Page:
Being a frequent flyer can sometimes come with a hefty price tag after you factor in all the additional expenses that go along with booking air travel. There are the additional fees for checked-in baggage, upgrade fees for seating with extra legroom, and don't forget the money that will be spent on ground transportation during the course of a trip. Over the past year I've done my fair share of flying back and forth between New York and Los Angeles. In the process, I have figured out how to make the treks as seamless and cost-effective as possible through trial and error. Whether you have an upcoming business trip or are planning a vacation, here are some tips that hopefully can help you out in the future.
Register for frequent flyer programs. This one is kind of a no-brainer, but you'd be surprised how many people don't take advantage of loyalty programs. Register with every airline you travel with, even if you selected a carrier solely because of a cheaper airfare. Chances are if you booked with them once, you'll probably fly with them again (unless it's Spirit Airlines). Remember that bonus miles can add up quickly -- especially if you have a credit card that has a partnership with your preferred airline. You'll be on your way to booking flights with reward points before you know it.
Travel with the right luggage. It's always great to have wardrobe options when you're out of town. However, do you really need to bring 13 outfits if you're only going on a three-day trip? Pack accordingly and you might save yourself the expense that comes with checking in baggage. For those who prefer to travel with carry-on luggage, be careful with the ones that have swivel wheels that protrude out from the bottom. I've seen a few grumpy TSA agents make passengers check in their bags because those wheels prevented them from fitting into the bag sizer at the gate.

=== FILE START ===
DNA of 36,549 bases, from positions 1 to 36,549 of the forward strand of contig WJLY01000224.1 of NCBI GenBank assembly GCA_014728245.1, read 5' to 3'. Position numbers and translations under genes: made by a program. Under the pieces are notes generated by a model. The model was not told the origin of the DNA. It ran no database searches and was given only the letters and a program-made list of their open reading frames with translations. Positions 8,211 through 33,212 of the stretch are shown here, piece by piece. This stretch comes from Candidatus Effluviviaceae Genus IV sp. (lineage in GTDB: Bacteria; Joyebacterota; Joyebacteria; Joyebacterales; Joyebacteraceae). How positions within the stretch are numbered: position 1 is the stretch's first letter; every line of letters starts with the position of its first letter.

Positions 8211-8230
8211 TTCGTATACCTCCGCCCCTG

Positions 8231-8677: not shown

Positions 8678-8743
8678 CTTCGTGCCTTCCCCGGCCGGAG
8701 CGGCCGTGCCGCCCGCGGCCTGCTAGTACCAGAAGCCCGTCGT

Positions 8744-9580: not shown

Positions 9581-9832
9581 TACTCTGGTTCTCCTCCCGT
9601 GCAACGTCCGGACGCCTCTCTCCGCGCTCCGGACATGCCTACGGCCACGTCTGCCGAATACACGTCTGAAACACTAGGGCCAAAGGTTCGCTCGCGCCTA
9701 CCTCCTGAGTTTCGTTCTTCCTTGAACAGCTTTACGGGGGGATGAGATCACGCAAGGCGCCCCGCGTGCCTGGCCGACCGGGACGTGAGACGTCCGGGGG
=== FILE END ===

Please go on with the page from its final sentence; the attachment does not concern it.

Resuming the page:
Research ground transportation options. When heading to the airport, try to figure out the best way to get there without spending a lot of cash. Long-term parking is usually the most expensive. Taxis and private car service companies can be pricey as well. Uber and Lyft will give you door-to-door service to the airport just as quickly, and at a lower cost. Shuttle buses are also a money saver provided that you have time to spare and don't mind the multiple stops at different terminals. And of course, you could always go the freebie route and bum a ride off a friend or relative. Whatever option you utilize, just make sure it will also be readily available upon your return.
To expand a little bit more on Uber and Lyft, some cities restrict these car services from doing direct airport pick-ups. I learned this from an Uber driver a few months back, and he provided the following work-around: "Take one of those courtesy hotel shuttle vans and then request a car once you get to the hotel." Slightly underhanded, yes, but in this day and age, sometimes we have to go with whatever works.
Minimize the car rental drama. Depending on how good or bad the experience, renting a car can set the entire tone for your trip. Beware of chatty and cheerful car rental agents who will distract you with talk of the unseasonably mild weather while they pad your online reservation with extras such as roadside assistance and a navigator system. It's also a good idea to take a few photos of the rental car before you drive off the lot -- in case there are preexisting dents or scratches you didn't see upon first inspection. Lastly, if you are renting from a company that is off-site from the airport, don't be afraid to take a neighboring company's shuttle van if it shows up at the terminal first and presents a faster opportunity to get you to your rental.
Know when to tip. When using courtesy shuttle vans, it's a nice gesture to tip the driver a couple of bucks if you can spare them. I especially recommend it if you are hitching a ride just to get to an Uber or nearby car rental company since technically you are not supposed to be one of the passengers.
Happy and safe travels!